Some of the mitigations that are specific to containers and cloud-native deployments: 

• ​Use guidelines such as CIS Benchmarks to evaluate whether your system is configured according to best practices. There are benchmarks provided for Docker and Kubernetes, as well as for the underlying Linux host. 

•There are tools available to check your settings and look for things like publicly accessible storage buckets or poor password policies if you are using a public cloud service. 

• Use environment variables only for insensitive information. Conveying secret data using environment variables can easily result in them being exposed via logs. Also, consider the configuration information that forms part of each container image under this OWASP category. 

Cross-Site Scripting XSS 

This acts at the application level, so there is nothing particular about running your app in containers that would affect this risk. You should use a container image scanner to identify vulnerable dependencies. 

Insecure Deserialization 

In this type of attack, a malicious user provides a crafted object that the application interprets to grant the user additional privileges or to change the application behavior in some way. 

Again, this is generally not something that is affected by whether an application is running in containers or not, though there are some container-specific approaches to limiting the impact of this kind of attack: 

o The OWASP advice on prevention includes a recommendation to isolate the code that performs deserializing and run it in a low-privilege environment. Performing that deserialization step in a dedicated container micro service could provide that isolation. Running the container as non-root, with as few capabilities would also help limit the privileges that this kind of attack could try to leverage. 

o Another recommendation from OWASP here is to restrict network traffic to and from the containers or servers that deserialize.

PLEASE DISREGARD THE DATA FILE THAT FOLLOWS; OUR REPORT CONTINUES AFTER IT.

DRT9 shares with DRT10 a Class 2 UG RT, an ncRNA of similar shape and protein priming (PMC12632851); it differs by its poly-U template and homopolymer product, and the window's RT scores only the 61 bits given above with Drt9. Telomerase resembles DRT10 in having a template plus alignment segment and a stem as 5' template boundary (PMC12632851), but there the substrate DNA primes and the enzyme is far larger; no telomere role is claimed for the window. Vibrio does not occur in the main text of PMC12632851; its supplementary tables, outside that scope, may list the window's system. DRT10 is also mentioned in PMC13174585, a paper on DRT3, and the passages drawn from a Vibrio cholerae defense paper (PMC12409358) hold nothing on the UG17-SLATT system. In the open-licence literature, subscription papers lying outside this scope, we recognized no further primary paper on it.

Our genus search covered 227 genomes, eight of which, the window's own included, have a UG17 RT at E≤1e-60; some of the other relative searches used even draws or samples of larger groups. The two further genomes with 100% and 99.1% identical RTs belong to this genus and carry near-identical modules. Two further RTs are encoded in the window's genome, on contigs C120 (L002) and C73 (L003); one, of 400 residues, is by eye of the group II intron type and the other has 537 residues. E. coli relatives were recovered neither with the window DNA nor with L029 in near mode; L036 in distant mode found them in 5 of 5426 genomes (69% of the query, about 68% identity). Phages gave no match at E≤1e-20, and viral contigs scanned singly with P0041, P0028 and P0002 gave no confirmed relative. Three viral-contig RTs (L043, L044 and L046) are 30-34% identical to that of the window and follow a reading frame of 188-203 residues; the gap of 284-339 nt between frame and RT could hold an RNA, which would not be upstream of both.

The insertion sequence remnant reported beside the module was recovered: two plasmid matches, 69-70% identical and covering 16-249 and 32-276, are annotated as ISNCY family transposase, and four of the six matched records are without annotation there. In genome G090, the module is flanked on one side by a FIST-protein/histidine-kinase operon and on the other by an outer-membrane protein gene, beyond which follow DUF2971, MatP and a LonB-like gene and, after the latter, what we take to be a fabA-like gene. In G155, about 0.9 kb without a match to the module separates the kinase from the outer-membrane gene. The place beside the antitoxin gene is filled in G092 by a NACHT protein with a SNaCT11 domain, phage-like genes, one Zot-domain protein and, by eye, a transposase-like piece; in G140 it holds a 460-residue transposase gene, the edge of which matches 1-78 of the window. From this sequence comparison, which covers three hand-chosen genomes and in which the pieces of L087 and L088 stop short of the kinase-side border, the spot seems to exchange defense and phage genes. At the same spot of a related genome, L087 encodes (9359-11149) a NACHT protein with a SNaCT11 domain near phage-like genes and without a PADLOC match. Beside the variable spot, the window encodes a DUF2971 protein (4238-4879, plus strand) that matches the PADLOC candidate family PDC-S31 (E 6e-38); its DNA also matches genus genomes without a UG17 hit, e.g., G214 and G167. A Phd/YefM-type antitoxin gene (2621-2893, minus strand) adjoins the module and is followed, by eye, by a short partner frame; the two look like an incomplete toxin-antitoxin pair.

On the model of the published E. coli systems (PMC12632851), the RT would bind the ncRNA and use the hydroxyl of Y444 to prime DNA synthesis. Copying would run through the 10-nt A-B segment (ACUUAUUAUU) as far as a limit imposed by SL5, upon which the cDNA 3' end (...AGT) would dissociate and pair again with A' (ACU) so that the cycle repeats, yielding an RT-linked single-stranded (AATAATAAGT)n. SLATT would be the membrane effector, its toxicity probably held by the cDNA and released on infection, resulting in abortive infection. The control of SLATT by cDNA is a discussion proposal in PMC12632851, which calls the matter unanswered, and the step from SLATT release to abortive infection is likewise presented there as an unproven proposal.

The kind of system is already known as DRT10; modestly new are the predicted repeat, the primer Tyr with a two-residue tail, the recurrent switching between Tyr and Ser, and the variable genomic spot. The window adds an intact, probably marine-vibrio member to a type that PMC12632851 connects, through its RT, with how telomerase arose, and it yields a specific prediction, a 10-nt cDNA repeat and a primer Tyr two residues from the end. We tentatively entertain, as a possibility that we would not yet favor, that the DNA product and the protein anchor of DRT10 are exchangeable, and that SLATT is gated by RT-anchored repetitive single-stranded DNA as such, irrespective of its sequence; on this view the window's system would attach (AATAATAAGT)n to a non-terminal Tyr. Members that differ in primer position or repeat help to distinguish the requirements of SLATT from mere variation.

Using Components with Known Vulnerabilities 

Use an image scanner to determine known vulnerabilities in your container images. Also required a process or tooling in place to: 

• Use up-to-date, fixed packages to reconstruct container images.

• Detect and restore running containers based on vulnerable images

Insufficient Logging and Monitoring 

It should be possible to dramatically reduce that with sufficient observation combined with alerting on unexpected behavior. 

  1. In any production deployment, you should be logging container events, including: 
  2. Container start/stop events, including the identity of the image and the invoking user 
  3. Access to secrets 
  4. Any modification of privileges
  5. Modification of container payload, which could indicate code injection 
  6. Inbound and outbound network connections 
  7. Volume mounts for analysis of mounts that might subsequently turn out to be sensitive 
  8. Failed actions such as attempts to open network connections, write to files or change user permissions, as these could indicate an attacker performing reconnaissance on the system 

Most serious commercial container security tools integrate with enterprise security information and event management (SIEM) to provide container security insights and alerts through one centralized system. Even better than observing attacks and reporting on them after the event, these tools can protect not just reporting on unexpected behaviors but preventing them from happening based on runtime profiles